<rule name="Add Strict-Transport-Security only when using HTTPS" enabled="true">
          <match serverVariable="RESPONSE_Strict_Transport_Security" pattern=".*" />
          <conditions>
            <add input="{HTTPS}" pattern="on" ignoreCase="true" />
          </conditions>
          <action type="Rewrite" value="max-age=31536000; includeSubdomains; preload" />
        </rule>
      </outboundRules>
    </rewrite>
  </system.webServer>
</configuration>  

Content Security Policy

This is another outbound rule and is added in a similar fashion. I am going to write more about this in a future article.

<configuration>  
  <system.webServer>
    <rewrite>
      <outboundRules>
        <rule name="CSP">
          <match serverVariable="RESPONSE_Content-Security-Policy" pattern=".*" />
          <action type="Rewrite" value="default-src 'self'; <!-- plus all the other stuff -->; report-uri https://domain.com/report;" />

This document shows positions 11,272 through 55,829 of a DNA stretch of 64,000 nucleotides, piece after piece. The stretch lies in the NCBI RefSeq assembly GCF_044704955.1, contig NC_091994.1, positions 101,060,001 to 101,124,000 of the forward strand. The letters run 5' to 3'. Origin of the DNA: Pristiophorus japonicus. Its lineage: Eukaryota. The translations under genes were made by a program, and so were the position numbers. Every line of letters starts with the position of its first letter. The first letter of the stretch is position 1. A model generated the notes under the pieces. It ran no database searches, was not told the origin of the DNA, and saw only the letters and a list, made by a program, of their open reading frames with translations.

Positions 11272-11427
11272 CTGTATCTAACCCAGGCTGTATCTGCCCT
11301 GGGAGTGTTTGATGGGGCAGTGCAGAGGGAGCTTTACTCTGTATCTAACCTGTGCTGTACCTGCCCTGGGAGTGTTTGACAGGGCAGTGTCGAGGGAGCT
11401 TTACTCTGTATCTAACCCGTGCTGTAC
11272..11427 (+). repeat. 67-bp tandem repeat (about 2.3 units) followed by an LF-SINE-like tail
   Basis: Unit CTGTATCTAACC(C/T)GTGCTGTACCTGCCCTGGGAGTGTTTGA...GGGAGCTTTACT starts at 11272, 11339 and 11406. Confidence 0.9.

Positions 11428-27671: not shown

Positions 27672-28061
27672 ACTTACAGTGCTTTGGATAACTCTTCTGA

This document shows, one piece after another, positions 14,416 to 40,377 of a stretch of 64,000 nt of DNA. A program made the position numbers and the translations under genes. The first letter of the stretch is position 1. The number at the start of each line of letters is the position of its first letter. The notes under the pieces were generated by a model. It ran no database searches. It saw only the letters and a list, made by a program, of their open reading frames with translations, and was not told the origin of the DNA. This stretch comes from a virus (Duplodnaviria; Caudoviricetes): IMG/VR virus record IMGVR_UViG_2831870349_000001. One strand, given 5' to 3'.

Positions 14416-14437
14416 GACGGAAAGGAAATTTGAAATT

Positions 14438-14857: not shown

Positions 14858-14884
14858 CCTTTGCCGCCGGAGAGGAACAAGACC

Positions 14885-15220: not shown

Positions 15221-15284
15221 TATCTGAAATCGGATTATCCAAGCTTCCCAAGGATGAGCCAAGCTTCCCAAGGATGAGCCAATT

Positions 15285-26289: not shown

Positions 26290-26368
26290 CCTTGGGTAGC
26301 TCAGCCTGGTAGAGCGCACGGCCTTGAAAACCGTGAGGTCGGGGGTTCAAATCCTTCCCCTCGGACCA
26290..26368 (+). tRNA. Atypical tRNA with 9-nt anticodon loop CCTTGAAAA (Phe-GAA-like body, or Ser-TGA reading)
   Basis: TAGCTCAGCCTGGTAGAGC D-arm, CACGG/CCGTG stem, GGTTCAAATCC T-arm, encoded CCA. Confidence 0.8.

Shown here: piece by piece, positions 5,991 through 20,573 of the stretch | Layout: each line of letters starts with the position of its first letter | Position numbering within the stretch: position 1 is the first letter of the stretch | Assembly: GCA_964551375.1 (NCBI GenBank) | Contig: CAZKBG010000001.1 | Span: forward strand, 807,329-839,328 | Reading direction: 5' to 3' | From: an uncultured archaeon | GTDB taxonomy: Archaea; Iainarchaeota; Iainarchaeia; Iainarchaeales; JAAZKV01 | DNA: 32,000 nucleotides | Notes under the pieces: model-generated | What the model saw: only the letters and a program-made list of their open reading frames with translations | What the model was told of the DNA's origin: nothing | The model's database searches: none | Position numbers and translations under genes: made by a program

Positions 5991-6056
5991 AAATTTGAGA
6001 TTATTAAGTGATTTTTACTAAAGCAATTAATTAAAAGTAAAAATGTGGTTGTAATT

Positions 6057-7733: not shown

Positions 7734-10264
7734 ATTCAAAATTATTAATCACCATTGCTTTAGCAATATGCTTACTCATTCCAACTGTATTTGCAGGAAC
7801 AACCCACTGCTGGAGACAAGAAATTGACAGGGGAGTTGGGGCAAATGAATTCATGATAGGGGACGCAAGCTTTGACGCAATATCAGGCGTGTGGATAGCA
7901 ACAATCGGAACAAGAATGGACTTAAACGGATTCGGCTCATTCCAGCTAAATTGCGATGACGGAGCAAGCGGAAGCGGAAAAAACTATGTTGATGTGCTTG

</rule>
      </outboundRules>
    </rewrite>
  </system.webServer>
</configuration>  

HTTP Public Key Pinning

HPKP protects against Man-in-the-middle (MITM) attacks using rogue X509 certificates by specifying the hashes of the public keys of the certificates that are trusted. Clearly a MITM attacker could modify this header but, since the values are cached by the browser on a trust on first use (TOFU) basis, as long as the correct values are received the first time the user visits the site, then this malicious modification will have no effect.

<configuration>  
  <system.webServer>
    <rewrite>
      <outboundRules>
         <rule name="Add PKP only when using HTTPS">
          <match serverVariable="RESPONSE_Public-Key-Pins" pattern=".*" />
          <conditions>
            <add input="{HTTPS}" pattern="on" ignoreCase="true" />
          </conditions>
          <action type="Rewrite" value='pin-sha256="wUFxwf12hU0xHiq8Cgz3fv/Y4H3DwaVl22RC1+n0/h4="; pin-sha256="ntPCN1f+CZzlQhaIE331czBRcAjdmi504yTaH4mK2Gw="; max-age=2592000; report-uri="https://domain.com/report"' />
        </rule>
      </outboundRules>
    </rewrite>
  </system.webServer>
</configuration>  

I'm going to write more about CSP and HPKP in a future article. For example, did you notice the different formats for the report-uri? How annoying.